Problem 10 (isometry classification of periodic structures)

Find a function I on all periodic point sets [S\subset{\bb R}^{n}] satisfying the following practically important conditions:

(a) invariance: if [S\simeq Q] are isometric, then [I(S) = I(Q)];

(b) completeness: if [I(S) = I(Q)], then [S\simeq Q] are isometric;

(c) continuity: there is a metric d satisfying the axioms of Definition 9[link] under isometry and the [\varepsilon-\delta] continuity below: for any [\varepsilon \, \gt \, 0] and a periodic point set S, there exist C and [\delta \, \gt \, 0] such that if Q is obtained by perturbing any point of S up to δ in Euclidean distance, then [d[I(S),I(Q)]\leq C\varepsilon];

(d) reconstructability: any periodic point set [S\subset{\bb R}^{n}] can be reconstructed (uniquely up to isometry) from its invariant I(S);

(e) computability: the invariant I, metric d and reconstruction of [S\subset{\bb R}^{n}] can be obtained in polynomial time of the motif size from a suitably reduced basis of S and motif points in this basis.

Due to the coincidence axiom of a metric in Definition 9[link], the equality I(S) = I(Q) in the completeness condition [link](b) of Problem 10 is best checked as [d[I(S),I(Q)] = 0]. If computability condition [link](e) of Problem 10 is missed, one impractical invariant I(S) satisfying all other conditions can be defined as the isometry class of all (infinitely many) periodic point sets isometric to S. We assume that a periodic point set S is given with a reduced basis such as the Niggli basis in [{\bb R}^{3}] or the Minkowski basis in a higher dimension n since lattice reductions can be slow for [n \, \gt \, 3] (see Nguyen & Stehlé, 2009[Nguyen, P. Q. & Stehlé, D. (2009). ACM Trans. Algorithms, 5, 1-48.]).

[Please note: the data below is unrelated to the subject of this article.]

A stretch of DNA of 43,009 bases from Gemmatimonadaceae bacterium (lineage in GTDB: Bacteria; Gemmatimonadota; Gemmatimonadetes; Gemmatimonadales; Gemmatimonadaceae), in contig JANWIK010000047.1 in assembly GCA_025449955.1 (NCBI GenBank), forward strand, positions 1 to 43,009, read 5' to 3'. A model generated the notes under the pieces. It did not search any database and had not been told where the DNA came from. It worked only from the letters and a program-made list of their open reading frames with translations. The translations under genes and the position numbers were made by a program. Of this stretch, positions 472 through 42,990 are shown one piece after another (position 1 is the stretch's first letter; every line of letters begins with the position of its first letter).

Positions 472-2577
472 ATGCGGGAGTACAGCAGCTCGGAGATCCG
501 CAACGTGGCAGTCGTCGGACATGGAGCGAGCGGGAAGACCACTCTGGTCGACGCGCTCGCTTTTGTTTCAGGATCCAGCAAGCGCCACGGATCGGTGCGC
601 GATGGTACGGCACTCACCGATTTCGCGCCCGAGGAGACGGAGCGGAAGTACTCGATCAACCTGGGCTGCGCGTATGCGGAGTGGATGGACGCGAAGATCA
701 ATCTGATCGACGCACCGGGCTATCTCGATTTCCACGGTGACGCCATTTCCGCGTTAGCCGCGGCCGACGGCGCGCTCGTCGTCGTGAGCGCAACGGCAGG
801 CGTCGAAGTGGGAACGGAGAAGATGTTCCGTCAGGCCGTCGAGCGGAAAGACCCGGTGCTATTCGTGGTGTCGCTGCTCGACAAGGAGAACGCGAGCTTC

The [\varepsilon-\delta] continuity condition [link](c) of Problem 10 is a classical but weak version of continuity. The stronger Lipschitz continuity states that C and δ are independent of S and ɛ, so if Q is ɛ-close to S, then [d[I(S),I(Q)]\leq C\varepsilon], where a constant δ was absorbed by [C\varepsilon].

For 2D lattices Λ, theorem 7.5 in Kurlin (2022b[Kurlin, V. (2022b). Foundations of Computational Mathematics, pp. 1-59. Springer US.]) proved the intermediate Hölder continuity, stating that if the coordinates of the basis vectors of Λ are perturbed up to ɛ, the root invariant [{\rm RI}(\Lambda)] changes up to [\sqrt{6l\varepsilon}] in the Euclidean metric, where l is the maximum length of given basis vectors of Λ.

The stronger Lipschitz continuity (without the factor [\sqrt{l}]) seems unrealistic for lattices because the rectangular lattices with the ɛ-close bases [(l,0),(0,\varepsilon)] and [(l,0),(0,2\varepsilon)] can substantially differ even by unit-cell areas [l\varepsilon] and [2l\varepsilon] whose difference [l\varepsilon] can be arbitrarily large if l has no upper bound.